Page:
In Ara pacis

Our Origins

Between 1991 and 2006, convinced that the arts provide necessary and effective means to express and protect the highest values of the human spirit, as well as serving as critical tools for building dialogue and peace, Maria Nicoletta Gaida, founded and led the Dionysia International Center for Arts and Cultures. During this time the Center developed and implemented countless projects featuring some of the most renowned artistic and cultural personalities of our time – visual artists, playwrights, theater artists, writers, musicians, culinary artists, cartoonists, who participated together with politicians, religious leaders, academics, local authorities, and at-risk youth from all over the world, including China, Sri Lanka, Afghanistan, Serbia, Croatia, Bosnia and Herzegovina, Colombia, Chile, South Africa, Mozambique, Nigeria, Morocco, Algeria, Syria, Lebanon, Jordan, Israel, Palestine and beyond. In particular, the Center’s theater programs focusing on artists from conflict areas became forums for dialogue where citizens and even political and religious leaders found, through the arts, safe and creative space where they could recognize the humanity and truly engage with “the other”.

Based on the outcomes of these projects and inspired by the work of Hannah Arendt, Donald Shriver and other eminent scholars, Ms. Gaida began to focus more and more on the theme of forgiveness. Thus in 2000, the Dionysia Center organized in Rome “Amen – a concert for reconciliation” which was composed and conducted by Goran Bregovic with the visual direction of Oliviero Toscani. Featuring artists from the Middle East, the Balkans and North Africa, the concert was followed by a series of workshops centered on the theme of forgiveness with the participation of political leaders, religious figures, artists and intellectuals from the three Abrahamic faiths.

Building on the momentum created by the concert and the Center’s ongoing projects, in 2002 an appeal for forgiveness was launched in Rome by and for the people of Israel and Palestine. Adopted by prominent personalities from Europe and the Middle East, the appeal called for Europeans, Israelis and Palestinians to take responsibility for the tragedy of the conflict by initiating a process of reconciliation based on the acknowledgement of the two narratives and on the suffering of the other. In 2003, as a follow up to the appeal, “The Day After” initiative brought together 50 Israelis and Palestinians who for the most part had never met anyone from “the other side” for a discussion on “issues and opportunities for building trust”. The closed-door “open space” session produced outstanding dialogue and cooperation among the participants despite the violence and politics dividing them. Moreover, in 2005, a socio-drama entitled “The Gold and the Lead of Forgiveness” contributed to the healing experience of the Parents Circle/Family Forum by gathering in Rome Israeli and Palestinian citizens who had lost a loved one in the conflict.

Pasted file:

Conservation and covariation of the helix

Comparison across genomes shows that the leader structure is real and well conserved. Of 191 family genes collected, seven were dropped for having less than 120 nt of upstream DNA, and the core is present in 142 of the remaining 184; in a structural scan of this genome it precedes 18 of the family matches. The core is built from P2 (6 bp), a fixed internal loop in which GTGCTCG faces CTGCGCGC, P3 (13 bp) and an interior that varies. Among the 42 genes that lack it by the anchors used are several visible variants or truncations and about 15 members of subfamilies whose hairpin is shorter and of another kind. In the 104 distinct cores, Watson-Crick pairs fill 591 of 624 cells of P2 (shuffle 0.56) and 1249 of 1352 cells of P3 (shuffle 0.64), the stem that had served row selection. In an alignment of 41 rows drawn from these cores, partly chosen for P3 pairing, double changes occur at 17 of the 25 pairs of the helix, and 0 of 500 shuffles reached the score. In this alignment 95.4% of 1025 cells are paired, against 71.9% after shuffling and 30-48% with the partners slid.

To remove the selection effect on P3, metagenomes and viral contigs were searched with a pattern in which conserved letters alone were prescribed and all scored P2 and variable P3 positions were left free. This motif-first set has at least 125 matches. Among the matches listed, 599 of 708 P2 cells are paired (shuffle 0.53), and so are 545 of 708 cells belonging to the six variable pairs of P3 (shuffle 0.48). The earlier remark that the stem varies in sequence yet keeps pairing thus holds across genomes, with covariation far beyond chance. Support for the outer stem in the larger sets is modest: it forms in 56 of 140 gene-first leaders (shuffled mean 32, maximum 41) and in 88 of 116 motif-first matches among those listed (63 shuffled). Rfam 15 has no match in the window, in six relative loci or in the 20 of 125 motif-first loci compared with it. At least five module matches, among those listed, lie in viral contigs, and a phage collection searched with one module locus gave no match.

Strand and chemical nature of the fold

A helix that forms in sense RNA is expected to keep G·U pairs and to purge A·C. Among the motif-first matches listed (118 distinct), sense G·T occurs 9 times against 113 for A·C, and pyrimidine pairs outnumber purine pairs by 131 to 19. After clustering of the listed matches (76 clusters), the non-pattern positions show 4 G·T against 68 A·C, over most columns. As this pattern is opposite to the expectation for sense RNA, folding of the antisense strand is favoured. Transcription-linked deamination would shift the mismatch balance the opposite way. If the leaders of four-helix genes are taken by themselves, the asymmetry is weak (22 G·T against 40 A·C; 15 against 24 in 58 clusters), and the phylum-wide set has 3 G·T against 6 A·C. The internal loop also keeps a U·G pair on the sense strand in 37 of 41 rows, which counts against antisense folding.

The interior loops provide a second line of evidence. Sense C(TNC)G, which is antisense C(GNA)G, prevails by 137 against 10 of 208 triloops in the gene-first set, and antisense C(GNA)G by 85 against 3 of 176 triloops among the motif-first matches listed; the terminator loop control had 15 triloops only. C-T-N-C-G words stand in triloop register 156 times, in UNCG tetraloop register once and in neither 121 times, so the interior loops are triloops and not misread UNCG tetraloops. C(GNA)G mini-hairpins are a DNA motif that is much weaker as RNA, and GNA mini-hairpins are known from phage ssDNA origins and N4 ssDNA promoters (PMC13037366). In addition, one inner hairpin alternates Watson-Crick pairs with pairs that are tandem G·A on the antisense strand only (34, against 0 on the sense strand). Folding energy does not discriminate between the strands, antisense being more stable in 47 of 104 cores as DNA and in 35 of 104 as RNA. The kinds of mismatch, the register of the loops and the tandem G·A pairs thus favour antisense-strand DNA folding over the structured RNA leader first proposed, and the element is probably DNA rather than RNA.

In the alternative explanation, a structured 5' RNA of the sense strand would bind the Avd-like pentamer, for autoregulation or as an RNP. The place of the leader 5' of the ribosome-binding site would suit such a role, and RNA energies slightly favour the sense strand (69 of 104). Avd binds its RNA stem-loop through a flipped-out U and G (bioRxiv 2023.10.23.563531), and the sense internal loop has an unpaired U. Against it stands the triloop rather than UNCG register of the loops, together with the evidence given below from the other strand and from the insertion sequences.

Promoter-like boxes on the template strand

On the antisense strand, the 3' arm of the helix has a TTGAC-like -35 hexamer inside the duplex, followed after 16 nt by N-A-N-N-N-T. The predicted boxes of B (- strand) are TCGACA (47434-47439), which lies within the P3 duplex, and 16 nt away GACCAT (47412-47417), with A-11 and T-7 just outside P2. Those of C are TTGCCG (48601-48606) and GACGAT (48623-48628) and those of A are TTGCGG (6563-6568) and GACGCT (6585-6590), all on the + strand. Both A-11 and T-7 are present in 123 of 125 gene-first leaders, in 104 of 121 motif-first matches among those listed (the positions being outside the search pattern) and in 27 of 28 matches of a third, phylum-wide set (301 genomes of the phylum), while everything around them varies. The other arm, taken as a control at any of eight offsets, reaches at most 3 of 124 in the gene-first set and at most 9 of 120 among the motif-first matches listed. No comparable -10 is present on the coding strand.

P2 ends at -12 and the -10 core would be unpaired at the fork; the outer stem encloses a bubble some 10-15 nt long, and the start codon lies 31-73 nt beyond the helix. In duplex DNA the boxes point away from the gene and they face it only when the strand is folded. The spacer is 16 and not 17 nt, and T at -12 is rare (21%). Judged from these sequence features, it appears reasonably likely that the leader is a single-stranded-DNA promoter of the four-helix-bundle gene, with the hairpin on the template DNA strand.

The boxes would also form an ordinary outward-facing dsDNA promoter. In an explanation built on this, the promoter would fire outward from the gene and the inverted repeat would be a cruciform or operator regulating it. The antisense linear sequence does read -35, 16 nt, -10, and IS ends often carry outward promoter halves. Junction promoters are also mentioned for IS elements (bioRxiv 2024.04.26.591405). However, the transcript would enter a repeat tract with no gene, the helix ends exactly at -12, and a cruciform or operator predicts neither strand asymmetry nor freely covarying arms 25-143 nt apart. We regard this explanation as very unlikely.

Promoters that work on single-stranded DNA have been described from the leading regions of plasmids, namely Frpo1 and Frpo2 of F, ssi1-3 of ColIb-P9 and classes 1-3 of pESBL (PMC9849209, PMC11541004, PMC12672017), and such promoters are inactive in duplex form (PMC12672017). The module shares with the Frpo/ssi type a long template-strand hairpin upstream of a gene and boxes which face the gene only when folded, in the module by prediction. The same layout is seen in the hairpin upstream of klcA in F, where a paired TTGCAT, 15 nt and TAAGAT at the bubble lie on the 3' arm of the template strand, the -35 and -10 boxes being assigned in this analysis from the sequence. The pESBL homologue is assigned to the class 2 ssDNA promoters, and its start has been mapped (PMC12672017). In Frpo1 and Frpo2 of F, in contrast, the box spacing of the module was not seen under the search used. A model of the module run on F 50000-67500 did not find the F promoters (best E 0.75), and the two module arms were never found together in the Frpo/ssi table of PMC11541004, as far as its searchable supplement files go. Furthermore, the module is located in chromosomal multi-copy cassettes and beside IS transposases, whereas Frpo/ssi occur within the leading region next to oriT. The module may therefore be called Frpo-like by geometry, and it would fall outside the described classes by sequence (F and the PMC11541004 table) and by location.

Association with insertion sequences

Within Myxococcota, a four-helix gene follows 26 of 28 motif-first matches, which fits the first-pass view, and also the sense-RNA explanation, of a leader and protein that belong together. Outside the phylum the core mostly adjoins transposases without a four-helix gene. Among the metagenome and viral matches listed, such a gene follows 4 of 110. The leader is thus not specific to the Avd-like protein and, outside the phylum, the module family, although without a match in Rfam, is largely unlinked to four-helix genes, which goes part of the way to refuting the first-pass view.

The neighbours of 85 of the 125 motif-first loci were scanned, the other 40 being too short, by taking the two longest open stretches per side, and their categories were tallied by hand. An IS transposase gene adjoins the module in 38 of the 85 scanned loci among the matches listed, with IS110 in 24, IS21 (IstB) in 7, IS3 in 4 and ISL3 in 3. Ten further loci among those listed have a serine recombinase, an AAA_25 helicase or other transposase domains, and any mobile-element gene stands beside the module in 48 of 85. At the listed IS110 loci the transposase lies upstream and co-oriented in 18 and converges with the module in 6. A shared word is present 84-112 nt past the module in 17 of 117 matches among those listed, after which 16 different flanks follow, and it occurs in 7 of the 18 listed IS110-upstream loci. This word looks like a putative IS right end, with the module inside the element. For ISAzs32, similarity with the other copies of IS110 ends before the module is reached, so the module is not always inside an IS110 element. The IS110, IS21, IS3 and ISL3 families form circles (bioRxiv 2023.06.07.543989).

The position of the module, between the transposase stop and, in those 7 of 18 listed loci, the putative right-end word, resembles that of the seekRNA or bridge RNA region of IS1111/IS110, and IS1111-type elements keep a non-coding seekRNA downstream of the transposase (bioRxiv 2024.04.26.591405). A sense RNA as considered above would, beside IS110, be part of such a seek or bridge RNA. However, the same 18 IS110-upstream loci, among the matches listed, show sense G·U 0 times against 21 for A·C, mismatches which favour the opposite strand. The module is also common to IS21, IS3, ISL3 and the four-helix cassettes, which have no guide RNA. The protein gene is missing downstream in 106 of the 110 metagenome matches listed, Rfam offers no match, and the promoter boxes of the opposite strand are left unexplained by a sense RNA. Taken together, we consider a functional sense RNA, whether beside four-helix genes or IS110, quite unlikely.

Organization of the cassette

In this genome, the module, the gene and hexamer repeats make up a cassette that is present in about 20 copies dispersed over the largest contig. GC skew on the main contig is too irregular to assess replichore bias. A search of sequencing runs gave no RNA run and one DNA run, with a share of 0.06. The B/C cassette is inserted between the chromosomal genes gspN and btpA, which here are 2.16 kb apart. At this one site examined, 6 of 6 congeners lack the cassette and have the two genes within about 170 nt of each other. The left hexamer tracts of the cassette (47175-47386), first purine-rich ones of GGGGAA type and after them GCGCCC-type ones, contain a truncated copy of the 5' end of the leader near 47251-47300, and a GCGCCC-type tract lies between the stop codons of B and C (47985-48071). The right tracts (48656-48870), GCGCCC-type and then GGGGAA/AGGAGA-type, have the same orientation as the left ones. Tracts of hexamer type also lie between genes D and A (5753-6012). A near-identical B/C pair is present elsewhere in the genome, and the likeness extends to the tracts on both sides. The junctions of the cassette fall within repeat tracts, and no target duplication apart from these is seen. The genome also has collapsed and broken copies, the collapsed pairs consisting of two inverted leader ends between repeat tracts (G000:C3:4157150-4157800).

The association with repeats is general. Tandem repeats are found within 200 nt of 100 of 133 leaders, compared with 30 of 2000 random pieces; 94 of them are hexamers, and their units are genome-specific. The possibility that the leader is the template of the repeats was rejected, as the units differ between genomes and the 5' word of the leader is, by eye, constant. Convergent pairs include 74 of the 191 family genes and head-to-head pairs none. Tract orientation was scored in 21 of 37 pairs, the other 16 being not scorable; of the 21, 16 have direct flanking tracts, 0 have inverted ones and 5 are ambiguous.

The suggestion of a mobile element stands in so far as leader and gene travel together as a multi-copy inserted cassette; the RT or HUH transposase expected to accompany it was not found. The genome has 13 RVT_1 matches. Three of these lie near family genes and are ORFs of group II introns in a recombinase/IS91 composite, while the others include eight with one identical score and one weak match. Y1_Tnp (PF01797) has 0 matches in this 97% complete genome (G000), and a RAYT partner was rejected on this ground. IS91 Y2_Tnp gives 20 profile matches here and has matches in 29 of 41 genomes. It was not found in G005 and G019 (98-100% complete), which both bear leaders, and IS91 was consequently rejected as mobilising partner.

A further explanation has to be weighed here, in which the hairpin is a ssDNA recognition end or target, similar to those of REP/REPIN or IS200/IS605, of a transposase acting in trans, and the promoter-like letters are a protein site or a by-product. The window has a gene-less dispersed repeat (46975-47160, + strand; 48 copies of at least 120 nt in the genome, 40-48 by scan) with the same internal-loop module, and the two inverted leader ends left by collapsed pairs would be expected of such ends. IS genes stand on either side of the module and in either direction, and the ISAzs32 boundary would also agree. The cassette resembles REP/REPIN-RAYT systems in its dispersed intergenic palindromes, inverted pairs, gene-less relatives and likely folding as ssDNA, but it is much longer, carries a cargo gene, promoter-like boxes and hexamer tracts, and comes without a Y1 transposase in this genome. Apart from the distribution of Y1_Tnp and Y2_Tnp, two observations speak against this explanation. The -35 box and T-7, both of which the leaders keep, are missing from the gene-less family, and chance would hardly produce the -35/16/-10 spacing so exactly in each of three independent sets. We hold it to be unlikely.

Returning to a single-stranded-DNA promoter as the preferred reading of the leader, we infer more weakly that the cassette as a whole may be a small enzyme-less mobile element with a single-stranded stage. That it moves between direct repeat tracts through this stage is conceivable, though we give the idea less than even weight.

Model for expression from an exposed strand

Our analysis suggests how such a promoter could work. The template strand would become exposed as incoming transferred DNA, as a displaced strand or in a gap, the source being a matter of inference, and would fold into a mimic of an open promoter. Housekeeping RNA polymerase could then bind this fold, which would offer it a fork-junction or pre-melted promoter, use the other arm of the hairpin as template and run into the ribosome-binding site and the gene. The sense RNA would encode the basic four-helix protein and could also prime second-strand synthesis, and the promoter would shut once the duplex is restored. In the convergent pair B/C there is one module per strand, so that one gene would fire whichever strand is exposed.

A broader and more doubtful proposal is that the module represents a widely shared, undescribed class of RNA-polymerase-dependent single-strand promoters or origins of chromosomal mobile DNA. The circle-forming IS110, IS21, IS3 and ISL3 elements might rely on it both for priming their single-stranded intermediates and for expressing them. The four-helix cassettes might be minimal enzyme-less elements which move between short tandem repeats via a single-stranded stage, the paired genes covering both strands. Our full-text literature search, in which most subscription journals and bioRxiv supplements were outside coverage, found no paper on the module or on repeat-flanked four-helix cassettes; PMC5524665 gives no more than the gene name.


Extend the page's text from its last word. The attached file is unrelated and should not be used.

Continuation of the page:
In this light, Ms. Gaida created the Ara Pacis Initiative with the aim of establishing a new Areopagus composed of wise and authoritative human beings who could lead the world down the paths of understanding, forgiveness and reconciliation; a body which proposes a new form of justice, which symbolically unites the human family and is at the service of peoples in conflict, that they should not be left alone in the folly of hatred and injustice; so that dignity and forgiveness can be striven for even in the heart of darkness, so that voices of sanity and of light may be heard when calls for punishment and revenge suffocate even the remotest desire for peace, so that historical wrongs, contemporary greed, spiritual derailment and the power to humiliate can be revealed and addressed in order to create space for reconciliation.

In 2008, it was proposed to the City of Rome to promote the Initiative, based physically and symbolically at the Ara Pacis, the altar of peace erected by decision of the Roman Senate on the 4th of July XIII b.c. and inaugurated by the Emperor Augustus on the 30th of January of IX b.c.. The Latin inscription on the south side of the Monument is the political and philosophical testament of Caesar Augustus, who after having “conquered” peace in the “known world” with weapons (pax romana) bestows the peace on the people, entrusting them with its safekeeping and encouraging them to believe in the possibility of enduring peace.

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